I have been conducting my own poll as I walk precincts and the idea of a business park is far more popular than residential developments. No one wants to keep losing homegrown companies. Everyone wants local jobs for graduates. The most compelling argument of all is the idea of generating revenue through means other than taxation.
Honestly if we cant convince the people of Davis to support a business park it will largely be do to the cities ineptitude when it comes to PR. The city’s rollout of public power was absolutely FUBAR. Despite making significant strides towards solvency the public has very little trust when it comes approving Measure O or another parcel tax. The business park will be a crucial test for the city when it comes to listening to the community and assuaging concerns.
I think that the intentions of Measure J/R was to allow the public to weigh in on whether they supported the development of any ag land or open space parcels within, or near Davis. In light of this, I would have to say that I would not advocate for an exemption unless the public was in support of it. For example, I would consider a grassroots initiative that lays out some specific project or parameters for entitling a parcel or parcels of land.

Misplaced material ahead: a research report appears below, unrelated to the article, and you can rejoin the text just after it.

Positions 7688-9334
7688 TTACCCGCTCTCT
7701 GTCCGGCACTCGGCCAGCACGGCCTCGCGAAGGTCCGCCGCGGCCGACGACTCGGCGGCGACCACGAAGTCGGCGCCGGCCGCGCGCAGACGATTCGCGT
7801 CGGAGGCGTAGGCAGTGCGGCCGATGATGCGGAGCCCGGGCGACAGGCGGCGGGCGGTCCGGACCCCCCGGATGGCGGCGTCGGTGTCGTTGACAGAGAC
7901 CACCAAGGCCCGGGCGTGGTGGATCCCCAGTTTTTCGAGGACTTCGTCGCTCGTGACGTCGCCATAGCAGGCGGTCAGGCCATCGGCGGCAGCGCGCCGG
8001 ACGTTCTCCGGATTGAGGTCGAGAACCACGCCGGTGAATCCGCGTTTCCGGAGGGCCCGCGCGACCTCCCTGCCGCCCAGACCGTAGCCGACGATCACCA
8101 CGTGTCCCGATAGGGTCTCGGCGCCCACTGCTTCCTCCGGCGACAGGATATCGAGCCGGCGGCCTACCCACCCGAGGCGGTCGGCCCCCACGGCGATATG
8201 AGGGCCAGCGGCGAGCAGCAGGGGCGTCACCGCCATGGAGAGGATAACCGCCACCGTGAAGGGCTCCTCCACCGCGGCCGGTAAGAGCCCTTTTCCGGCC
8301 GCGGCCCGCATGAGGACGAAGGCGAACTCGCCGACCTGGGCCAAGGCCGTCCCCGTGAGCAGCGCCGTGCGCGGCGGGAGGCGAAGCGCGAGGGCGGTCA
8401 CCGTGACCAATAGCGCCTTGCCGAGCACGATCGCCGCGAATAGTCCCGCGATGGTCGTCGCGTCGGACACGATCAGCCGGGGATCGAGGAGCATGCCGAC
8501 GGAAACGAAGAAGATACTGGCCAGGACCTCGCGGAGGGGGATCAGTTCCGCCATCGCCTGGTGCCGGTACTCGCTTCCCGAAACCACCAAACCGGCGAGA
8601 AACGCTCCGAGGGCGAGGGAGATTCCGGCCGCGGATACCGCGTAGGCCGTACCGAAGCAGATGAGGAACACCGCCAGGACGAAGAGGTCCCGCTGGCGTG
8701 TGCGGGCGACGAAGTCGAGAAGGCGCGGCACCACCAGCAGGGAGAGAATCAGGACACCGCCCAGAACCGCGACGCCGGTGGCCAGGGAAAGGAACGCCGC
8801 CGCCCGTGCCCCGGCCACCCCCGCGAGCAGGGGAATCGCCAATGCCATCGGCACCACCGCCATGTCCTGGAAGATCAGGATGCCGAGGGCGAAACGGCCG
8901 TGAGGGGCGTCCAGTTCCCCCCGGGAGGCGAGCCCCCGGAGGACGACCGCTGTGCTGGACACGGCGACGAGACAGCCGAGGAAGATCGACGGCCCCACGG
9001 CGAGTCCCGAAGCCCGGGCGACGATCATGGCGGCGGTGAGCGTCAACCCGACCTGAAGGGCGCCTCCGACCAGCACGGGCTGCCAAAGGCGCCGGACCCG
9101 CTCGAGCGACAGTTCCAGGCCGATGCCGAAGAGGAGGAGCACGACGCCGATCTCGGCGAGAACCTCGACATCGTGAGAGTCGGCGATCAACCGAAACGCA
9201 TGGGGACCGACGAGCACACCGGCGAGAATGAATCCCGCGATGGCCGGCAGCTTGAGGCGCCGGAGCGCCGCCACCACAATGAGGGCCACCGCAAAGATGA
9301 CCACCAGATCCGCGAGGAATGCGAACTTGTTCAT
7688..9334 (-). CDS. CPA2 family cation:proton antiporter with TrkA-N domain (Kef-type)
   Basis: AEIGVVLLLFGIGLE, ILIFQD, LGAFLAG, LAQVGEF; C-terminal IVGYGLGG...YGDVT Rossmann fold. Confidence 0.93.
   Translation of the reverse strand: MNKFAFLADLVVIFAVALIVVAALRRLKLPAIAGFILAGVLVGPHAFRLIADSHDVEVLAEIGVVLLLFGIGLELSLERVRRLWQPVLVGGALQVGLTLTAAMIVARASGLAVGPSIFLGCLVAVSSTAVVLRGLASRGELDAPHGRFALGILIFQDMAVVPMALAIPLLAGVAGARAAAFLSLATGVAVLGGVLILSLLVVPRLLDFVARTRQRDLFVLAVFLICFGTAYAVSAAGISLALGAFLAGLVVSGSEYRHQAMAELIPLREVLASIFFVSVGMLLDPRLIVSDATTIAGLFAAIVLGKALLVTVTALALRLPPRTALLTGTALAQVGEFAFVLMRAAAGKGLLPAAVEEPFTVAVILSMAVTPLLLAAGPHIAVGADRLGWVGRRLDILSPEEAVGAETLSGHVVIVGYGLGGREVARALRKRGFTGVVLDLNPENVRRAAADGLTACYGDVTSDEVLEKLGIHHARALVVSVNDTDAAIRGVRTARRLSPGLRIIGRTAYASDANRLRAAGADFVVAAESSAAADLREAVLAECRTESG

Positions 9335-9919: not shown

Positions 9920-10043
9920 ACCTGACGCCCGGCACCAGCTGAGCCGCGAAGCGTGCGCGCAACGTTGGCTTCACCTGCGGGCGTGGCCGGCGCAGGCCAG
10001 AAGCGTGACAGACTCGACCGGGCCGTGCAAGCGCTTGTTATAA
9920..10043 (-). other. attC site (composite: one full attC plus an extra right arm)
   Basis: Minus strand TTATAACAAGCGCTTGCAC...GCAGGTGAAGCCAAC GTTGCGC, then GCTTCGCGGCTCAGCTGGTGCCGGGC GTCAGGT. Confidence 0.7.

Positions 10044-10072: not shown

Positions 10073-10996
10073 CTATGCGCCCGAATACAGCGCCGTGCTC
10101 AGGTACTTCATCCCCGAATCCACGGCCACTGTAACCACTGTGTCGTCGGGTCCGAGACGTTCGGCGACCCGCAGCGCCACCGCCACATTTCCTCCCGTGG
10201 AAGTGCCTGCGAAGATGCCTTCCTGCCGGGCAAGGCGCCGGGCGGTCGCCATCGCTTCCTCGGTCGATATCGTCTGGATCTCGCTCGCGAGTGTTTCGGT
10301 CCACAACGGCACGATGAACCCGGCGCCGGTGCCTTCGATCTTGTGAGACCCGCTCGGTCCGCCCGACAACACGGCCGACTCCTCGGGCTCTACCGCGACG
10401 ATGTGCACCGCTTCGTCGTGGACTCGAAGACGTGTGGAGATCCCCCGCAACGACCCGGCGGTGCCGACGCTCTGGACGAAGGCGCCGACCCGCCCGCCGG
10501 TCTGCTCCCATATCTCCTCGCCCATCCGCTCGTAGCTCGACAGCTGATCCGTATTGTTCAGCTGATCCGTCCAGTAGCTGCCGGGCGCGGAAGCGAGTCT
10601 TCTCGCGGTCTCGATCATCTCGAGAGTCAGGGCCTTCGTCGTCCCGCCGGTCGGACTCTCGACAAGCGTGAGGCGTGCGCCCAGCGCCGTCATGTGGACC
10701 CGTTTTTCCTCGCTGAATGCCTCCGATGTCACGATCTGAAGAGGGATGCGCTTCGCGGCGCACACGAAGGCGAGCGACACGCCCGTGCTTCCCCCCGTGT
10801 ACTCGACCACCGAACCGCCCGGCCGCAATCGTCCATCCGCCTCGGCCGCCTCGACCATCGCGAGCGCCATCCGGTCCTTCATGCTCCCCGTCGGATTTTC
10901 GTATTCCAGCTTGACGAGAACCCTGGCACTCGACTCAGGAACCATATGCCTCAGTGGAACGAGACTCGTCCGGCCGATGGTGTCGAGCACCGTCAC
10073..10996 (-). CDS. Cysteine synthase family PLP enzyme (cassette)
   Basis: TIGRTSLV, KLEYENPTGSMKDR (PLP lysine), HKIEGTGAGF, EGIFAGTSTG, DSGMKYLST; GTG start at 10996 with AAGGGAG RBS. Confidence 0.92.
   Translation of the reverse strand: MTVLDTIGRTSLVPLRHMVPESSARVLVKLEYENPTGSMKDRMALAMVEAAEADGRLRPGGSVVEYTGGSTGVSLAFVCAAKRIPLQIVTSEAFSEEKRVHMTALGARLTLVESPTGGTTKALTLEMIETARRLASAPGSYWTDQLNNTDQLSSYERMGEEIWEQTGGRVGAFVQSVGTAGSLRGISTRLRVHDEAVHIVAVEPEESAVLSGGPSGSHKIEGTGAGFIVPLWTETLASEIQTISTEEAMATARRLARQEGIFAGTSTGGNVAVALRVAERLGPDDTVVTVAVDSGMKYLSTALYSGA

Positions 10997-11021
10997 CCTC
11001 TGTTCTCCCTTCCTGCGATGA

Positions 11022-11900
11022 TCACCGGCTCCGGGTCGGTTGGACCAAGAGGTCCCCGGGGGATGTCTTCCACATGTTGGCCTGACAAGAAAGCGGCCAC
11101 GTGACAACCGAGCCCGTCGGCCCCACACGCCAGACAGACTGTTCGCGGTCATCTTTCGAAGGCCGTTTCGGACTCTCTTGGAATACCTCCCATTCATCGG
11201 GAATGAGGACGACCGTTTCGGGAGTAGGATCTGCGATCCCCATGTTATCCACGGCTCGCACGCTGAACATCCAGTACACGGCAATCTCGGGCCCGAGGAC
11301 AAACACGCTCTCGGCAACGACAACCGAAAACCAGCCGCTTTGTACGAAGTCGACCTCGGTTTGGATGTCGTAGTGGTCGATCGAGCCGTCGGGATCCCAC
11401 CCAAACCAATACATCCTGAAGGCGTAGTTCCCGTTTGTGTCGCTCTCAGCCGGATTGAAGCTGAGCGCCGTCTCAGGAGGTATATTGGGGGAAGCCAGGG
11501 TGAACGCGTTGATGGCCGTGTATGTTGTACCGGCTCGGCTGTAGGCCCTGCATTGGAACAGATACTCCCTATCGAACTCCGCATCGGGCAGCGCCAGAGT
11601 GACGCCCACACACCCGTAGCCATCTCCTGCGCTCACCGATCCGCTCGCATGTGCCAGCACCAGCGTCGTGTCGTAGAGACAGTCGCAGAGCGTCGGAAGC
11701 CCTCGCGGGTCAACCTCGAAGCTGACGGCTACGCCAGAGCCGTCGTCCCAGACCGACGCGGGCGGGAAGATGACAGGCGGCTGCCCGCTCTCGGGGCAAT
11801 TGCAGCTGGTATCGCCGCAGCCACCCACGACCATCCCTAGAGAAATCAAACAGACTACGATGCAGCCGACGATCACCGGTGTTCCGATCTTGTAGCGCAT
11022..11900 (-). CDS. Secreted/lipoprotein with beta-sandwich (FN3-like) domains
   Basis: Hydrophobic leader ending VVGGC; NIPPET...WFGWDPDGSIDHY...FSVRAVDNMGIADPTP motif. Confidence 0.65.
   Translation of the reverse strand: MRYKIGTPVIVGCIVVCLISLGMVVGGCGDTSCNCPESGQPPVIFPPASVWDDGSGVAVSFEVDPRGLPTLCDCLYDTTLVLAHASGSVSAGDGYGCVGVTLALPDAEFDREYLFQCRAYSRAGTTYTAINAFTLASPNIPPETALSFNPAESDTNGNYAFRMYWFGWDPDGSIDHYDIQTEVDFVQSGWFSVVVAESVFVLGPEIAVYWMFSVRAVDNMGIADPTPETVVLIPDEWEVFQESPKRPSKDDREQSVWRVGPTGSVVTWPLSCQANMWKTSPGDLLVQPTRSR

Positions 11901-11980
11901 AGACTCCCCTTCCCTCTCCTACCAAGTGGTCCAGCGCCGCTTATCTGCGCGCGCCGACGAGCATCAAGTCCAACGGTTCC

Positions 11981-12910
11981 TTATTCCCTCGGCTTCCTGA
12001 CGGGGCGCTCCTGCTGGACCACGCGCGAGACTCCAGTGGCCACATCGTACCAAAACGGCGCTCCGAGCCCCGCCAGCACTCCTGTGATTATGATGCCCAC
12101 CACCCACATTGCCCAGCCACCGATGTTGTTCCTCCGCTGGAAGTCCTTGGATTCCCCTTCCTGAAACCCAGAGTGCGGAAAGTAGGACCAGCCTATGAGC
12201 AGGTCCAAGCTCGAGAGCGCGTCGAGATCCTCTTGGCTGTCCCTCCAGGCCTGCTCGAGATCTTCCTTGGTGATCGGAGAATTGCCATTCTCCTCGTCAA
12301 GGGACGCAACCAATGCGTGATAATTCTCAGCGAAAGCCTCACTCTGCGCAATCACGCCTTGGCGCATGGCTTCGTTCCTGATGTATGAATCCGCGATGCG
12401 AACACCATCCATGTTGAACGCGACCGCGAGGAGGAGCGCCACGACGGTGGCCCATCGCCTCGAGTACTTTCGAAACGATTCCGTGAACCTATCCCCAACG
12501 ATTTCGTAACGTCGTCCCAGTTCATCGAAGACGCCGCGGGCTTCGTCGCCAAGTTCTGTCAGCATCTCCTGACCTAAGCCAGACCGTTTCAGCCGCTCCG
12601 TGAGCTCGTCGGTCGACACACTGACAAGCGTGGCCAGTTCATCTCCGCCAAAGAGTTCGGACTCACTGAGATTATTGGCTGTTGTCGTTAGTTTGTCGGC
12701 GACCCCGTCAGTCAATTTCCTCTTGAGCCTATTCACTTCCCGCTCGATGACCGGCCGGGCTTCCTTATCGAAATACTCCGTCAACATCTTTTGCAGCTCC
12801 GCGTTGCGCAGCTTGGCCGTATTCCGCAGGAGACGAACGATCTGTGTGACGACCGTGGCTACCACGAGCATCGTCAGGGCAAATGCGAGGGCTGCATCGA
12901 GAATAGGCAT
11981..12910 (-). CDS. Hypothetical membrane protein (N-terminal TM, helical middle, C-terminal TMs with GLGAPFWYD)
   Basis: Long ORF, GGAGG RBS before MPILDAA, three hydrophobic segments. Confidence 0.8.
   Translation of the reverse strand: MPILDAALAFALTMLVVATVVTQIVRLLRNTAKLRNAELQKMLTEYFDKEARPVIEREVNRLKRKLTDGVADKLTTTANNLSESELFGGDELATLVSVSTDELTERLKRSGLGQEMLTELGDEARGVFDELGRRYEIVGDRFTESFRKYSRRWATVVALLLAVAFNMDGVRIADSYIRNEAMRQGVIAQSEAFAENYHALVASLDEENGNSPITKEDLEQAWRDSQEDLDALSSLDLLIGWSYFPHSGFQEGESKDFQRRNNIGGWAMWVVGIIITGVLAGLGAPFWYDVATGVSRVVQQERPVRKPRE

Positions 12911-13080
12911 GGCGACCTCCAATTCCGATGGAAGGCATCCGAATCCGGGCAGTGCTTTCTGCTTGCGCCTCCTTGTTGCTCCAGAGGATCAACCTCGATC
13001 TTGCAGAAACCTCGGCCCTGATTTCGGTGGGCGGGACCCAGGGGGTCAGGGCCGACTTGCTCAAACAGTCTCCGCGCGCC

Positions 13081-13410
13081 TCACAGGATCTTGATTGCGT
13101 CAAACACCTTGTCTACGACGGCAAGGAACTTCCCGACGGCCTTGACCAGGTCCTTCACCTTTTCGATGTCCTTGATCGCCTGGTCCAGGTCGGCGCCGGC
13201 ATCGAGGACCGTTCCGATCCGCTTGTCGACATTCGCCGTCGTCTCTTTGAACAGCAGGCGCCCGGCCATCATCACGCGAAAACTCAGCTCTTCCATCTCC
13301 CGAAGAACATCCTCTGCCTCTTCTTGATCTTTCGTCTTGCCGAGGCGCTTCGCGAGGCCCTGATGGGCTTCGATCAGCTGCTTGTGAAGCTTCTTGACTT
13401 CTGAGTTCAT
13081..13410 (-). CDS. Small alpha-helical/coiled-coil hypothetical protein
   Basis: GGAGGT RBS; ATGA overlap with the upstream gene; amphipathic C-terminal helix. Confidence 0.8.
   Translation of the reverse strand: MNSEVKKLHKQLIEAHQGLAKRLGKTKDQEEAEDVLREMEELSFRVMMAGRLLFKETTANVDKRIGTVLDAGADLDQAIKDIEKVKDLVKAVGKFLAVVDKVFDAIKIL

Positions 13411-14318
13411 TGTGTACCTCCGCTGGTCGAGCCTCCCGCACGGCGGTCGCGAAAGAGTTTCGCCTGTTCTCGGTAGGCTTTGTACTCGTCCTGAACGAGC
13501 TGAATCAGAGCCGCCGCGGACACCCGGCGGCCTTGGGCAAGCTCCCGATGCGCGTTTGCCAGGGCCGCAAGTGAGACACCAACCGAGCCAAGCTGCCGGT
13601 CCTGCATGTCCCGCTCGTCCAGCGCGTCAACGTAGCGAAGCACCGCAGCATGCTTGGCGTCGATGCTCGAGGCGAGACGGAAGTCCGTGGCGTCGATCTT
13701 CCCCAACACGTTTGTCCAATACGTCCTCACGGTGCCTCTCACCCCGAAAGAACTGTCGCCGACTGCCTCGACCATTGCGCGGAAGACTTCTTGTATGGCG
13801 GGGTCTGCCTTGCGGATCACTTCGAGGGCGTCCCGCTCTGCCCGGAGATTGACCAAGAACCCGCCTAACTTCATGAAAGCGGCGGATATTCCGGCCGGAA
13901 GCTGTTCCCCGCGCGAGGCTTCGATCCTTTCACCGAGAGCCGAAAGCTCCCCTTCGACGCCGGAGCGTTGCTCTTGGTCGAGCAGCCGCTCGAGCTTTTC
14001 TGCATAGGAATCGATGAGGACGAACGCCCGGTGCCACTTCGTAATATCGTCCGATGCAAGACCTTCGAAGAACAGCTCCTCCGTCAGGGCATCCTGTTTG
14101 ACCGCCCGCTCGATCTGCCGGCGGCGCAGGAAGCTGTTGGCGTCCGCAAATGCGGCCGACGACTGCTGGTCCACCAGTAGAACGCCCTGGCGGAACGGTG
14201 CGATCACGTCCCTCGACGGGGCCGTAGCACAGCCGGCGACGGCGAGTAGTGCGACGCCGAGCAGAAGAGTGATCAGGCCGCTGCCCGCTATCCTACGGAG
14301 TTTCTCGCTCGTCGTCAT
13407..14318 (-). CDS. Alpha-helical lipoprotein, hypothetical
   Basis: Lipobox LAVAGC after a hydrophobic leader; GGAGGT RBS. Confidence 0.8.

Measure J and its renewal, Measure R, were enacted to ensure the public was able to vote on whether to develop a parcel with an agricultural or open space designation. I supported Measure J and Measure R and believe that there should be a public vote to determine if we use any agricultural or open space land for development.
While Measure J and R were primarily focused on controlling unbridled residential development, it included allowing the public to weigh in on non-residential development. As our city faces significant financial challenges, we need our entire community to weigh in on the choices before us and how we meet our fiscal challenges.
It is clear that an innovation park would not only provide significant and long term revenue for Davis, but it also help establish Davis as a world leader in agricultural research, which has always been the mission of UC Davis. We do not want to lose the spirit and character of Davis, yet we need to determine a sustainable fiscal plan for the future of our community. The best way to address this is by asking for any proposals for an innovation park to come forward now.